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Amanda Myers, University of Michigan-Ann Arbor
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Tanya Dewey, Animal Diversity Web
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Distribution

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Peromyscus eremicus is found in the southwestern United States, northern Mexico, Baja California and several nearby islands (Nowak 1991). The subspecies Peromyscus eremicus eremicus can be found farther north in Utah (Species Information Library, Peromyscus eremicus eremicus 1994).

Biogeographic Regions: nearctic (Native )

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Myers, A. 2008. "Peromyscus eremicus" (On-line), Animal Diversity Web. Accessed April 27, 2013 at http://animaldiversity.ummz.umich.edu/site/accounts/information/Peromyscus_eremicus.html
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Amanda Myers, University of Michigan-Ann Arbor
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Habitat

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Peromyscus eremicus primarily lives in desert areas with cacti, hence the name cactus mouse. It lives in steppes and semi-arid deserts. Peromyscus eremicus may be found in the rocky foothills of desert mountain ranges. Subspecies found in Utah (Peromyscus eremicus eremicus) can be semi-arboreal and inhabit shrubs (Species Information Library 1994). Cactus mice build nests in self-dug tunnels, lodges of other rodents, brickwork buildings, and piles of rock or brushwood (Parker 1990). Price and Waser's study of the post-fire reinhabition of an area of California costal sage scrub revealed Peromyscus eremicus preference for rock and brush habitats over open areas and debris (1984).

Habitat Regions: temperate ; terrestrial

Terrestrial Biomes: desert or dune ; chaparral

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Myers, A. 2008. "Peromyscus eremicus" (On-line), Animal Diversity Web. Accessed April 27, 2013 at http://animaldiversity.ummz.umich.edu/site/accounts/information/Peromyscus_eremicus.html
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Amanda Myers, University of Michigan-Ann Arbor
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Tanya Dewey, Animal Diversity Web
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Life Expectancy

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Like other Peromyscus, most cactus mice live about 1 year.

Average lifespan
Status: wild:
1 years.

Average lifespan
Status: captivity:
7.4 years.

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Myers, A. 2008. "Peromyscus eremicus" (On-line), Animal Diversity Web. Accessed April 27, 2013 at http://animaldiversity.ummz.umich.edu/site/accounts/information/Peromyscus_eremicus.html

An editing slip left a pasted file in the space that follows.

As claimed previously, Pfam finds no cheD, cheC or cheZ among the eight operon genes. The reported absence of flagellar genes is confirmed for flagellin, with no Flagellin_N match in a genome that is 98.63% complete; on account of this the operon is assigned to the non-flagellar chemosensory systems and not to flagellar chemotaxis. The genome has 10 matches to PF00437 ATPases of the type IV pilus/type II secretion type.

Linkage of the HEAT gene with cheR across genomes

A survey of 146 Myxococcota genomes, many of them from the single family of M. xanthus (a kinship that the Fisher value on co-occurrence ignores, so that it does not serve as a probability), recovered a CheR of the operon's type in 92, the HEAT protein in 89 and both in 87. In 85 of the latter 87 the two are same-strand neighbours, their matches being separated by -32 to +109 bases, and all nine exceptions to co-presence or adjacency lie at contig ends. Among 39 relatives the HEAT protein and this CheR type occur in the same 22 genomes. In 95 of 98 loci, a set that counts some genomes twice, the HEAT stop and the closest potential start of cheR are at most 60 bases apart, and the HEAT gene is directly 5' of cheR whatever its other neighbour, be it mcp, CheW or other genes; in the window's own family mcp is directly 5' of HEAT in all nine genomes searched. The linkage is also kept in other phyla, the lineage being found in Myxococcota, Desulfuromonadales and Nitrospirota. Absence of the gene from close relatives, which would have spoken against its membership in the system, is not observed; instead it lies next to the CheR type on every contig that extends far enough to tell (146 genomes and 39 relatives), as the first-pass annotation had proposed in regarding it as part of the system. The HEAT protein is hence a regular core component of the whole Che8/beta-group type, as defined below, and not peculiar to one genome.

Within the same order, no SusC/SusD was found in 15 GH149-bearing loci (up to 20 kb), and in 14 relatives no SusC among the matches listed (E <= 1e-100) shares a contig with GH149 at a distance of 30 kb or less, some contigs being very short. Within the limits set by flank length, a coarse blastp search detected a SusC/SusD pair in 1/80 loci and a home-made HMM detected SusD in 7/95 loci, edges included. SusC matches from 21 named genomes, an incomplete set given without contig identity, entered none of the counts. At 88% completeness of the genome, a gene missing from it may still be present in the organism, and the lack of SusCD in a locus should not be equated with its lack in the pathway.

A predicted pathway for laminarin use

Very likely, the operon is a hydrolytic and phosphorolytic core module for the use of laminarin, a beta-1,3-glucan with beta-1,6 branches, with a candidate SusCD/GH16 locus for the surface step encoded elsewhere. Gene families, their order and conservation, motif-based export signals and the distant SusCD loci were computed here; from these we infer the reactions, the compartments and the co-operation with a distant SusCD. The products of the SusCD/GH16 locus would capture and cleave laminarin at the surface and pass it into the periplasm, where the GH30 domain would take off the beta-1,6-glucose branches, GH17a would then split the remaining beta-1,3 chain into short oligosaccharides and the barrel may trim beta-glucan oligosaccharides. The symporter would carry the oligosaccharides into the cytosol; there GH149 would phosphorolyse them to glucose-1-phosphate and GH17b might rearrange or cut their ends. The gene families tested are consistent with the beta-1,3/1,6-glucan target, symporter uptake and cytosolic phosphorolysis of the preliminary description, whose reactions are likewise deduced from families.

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Amanda Myers, University of Michigan-Ann Arbor
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Tanya Dewey, Animal Diversity Web
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Morphology

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The range of masses given includes both male and females, as little research has been conducted on sexual dimorphisms in size. Average body length (not including the tail) is 8.0 to 9.0 centimeters and the average tail length is 10.0 to 14.0 centimeters (Parker 1990). This species is noted for its unusually long tail. A possible function for such a long tail is body temperature regulation (Hanney 1975). The color of the thick pelage appears to vary. Parker remarks that Peromyscus eremicus has a pale gray back (1990). The Species Information Library, however, reports that species have been found in New Mexico with a spectrum of fur shades between pale yellowish and blackish (1994). A possible explanation is that two subspecies, one with darker fur (Peromyscus eremicus anthonyi) and lighter fur (Peromyscus eremicus eremicus) have interbred in New Mexico. Nowak describes the underparts of the cactus mouse as white or near-white (1991). The tail is usually less haired than that of other mice in its genus. Cactus mice have naked soles on their hind feet, which distinguish them from other southwestern Peromyscus species. Facial and skull characteristics are also important in distinguishing the cactus mouse from other Peromyscus mice. Peromyscus eremicus has small ears and one to two upper molars with usually one mesoloph. The zygomatic arches of the skull are weak and not flared out and the auditory bulla are not greatly inflated (Species Information Library Peromyscus eremicus 1994). The nasal branches of the premaxillae extend posteriorly behind the nasals.

Range length: 80 to 90 mm.

Other Physical Features: endothermic ; heterothermic ; homoiothermic; bilateral symmetry

Sexual Dimorphism: sexes alike

Average mass: 25 g.

Average basal metabolic rate: 0.173 W.

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Myers, A. 2008. "Peromyscus eremicus" (On-line), Animal Diversity Web. Accessed April 27, 2013 at http://animaldiversity.ummz.umich.edu/site/accounts/information/Peromyscus_eremicus.html
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Amanda Myers, University of Michigan-Ann Arbor